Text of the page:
The indigenous engineers who developed Ghana’s first satellite (GhanaSat-1) have started projects to promote practically oriented Science Technology Engineering Mathematics and Innovations (STEMI) in high schools throughout the 275 constituencies in Ghana.
The launch of GhanaSat-1 has been considered as one of Ghana’s greatest demonstration of capacity in STEMI. The purpose of the first Satellite (GhanaSat-1) project was for Ghana to join the league of nations who are exploring satellite communication technology for national development and economic growth.
Considering the use of satellites like meteorology, mobile communication, navigation, earth observation (mapping and town planning), disaster monitoring etc, countries like the USA, JAPAN, CHINA, RUSSIA who develop their own satellites have accumulated the expertise and have had the better chance of exploring this technology more than countries who are dependent on them for satellite data. To deliver Ghana from this unfortunate position of dependence, and to jump over the hurdle, the All Nations University – Space Systems Technology Laboratory (ANU-SSTL) took the first step to design and launch Ghana’s first satellite dubbed GhanaSat-1 on the 3rd of June 2017 from the NASA Kennedy Space Center, California. The satellite was developed by indigenous engineers trained by the university.
Mr. Ernest Teye Matey, a member of the development team and the outreach manager of the ANU-SSTL said it becomes even more important to mount on this achievement and to take advantage of the expertise gained from developing the first satellite, to improve overall STEMI education in Ghana.
He said though there are many fields of STEMI being practised in the country, space science and satellite technology produced one of the greatest achievements for the nation’s pride by joining the league of nations owning satellites in space. Space Science and Satellite technology, therefore, appears to be Ghana’s STEMI goldfields and we need to dig deeper for more.
The achievement of the first satellite launch by All Nation’s University shouldn’t be undermined but built upon for both industrial and academic development. Since its establishment in 2012, the ANU-SSTL have recorded other remarkable achievements such as; first university college in Sub-Saharan Africa to design, build and successfully launch an educational satellite (CanSat) in 2013, the first university in Sub-Saharan Africa to design and build a ground station that communicates with satellites passing along the West Coast of Africa in 2014, the first university in Sub-Saharan Africa to successfully communicate with the International Space Station in 2014, the first to organize inter-high school space science quiz competition for senior high schools in 2014.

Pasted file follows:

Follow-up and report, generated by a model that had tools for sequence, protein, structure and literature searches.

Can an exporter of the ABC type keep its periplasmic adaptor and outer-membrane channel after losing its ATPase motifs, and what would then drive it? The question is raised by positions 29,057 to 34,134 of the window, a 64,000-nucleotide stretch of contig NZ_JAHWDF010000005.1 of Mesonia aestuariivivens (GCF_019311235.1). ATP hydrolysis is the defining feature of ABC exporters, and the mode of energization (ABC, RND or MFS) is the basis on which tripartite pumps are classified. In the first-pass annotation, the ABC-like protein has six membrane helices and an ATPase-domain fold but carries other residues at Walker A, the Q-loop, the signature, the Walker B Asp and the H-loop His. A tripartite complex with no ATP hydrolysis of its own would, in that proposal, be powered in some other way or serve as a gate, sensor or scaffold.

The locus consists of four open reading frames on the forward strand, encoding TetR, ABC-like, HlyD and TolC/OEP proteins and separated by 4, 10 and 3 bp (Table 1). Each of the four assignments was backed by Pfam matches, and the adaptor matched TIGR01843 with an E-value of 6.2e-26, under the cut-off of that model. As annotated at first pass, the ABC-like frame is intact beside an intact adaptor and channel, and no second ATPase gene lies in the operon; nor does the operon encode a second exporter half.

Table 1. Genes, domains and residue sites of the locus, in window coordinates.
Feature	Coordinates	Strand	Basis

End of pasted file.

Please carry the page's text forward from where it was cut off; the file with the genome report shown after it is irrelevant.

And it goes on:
To use the achievements to improve STEMI education in Ghana, the All Nations University College have since 2012 had several Space Science and Satellite Technology outreach programs with the aim of educating and sensitizing society on this field.
The outreach program activities include establishing space clubs in high schools, space lab tours, world space week celebration, amateur ground station training, space quiz competition, CANSAT training and exhibitions.
For example, in October 2017, the ANU-SSTL organized the biggest world space week 2017 celebration event in Ghana with the theme; Empowering Young Women in Engineering and Technology which hosted more than 500 students from 16 schools.
In August 2018, the Eastern Region Education Office in collaboration with the ANU-SSTL introduced 470 high school students from 20 different districts in Ghana to the fundamentals of space science and satellite technology and the space lab tour at the university’s premises.
Through the outreach program, the United Nations Office for Outer Space Affairs and the management of World Space Week Celebration has lauded the university for contributing to the Sustainable Development Goal 4 (Quality Education ) and 5 (Gender Inequality).
To expand the reach of these activities, the outreach office is initiating the STEMI-275 project with the major aim of introducing practical oriented STEMI projects in high schools throughout the 275 constituencies in Ghana using space science and satellite technology
STEMI education at the high school level in Ghana has to become more practical than the present which is 80% theoretical. The project will have both male and female students in the high school, engage in hands-on projects so as to discover and develop practical STEMI talents in them.
It is evident that students in the technical high schools though may not record exceptional performances in their theory, are more inclined to practical work.
The STEMI-275 will provide such students with the platform to utilize their skills in STEMI which could be used for industrial development. Prior to the soon-starting STEMI-275 project, the ANU-SSTL has successfully hosted more than 3,000 students to their activities under the singular sponsorship of the university.
The laboratory will initiate a partnership with some governmental ministries for the STEMI-275 project and is currently seeking sponsorships for the project so that students throughout all the 275 constituencies can be reached.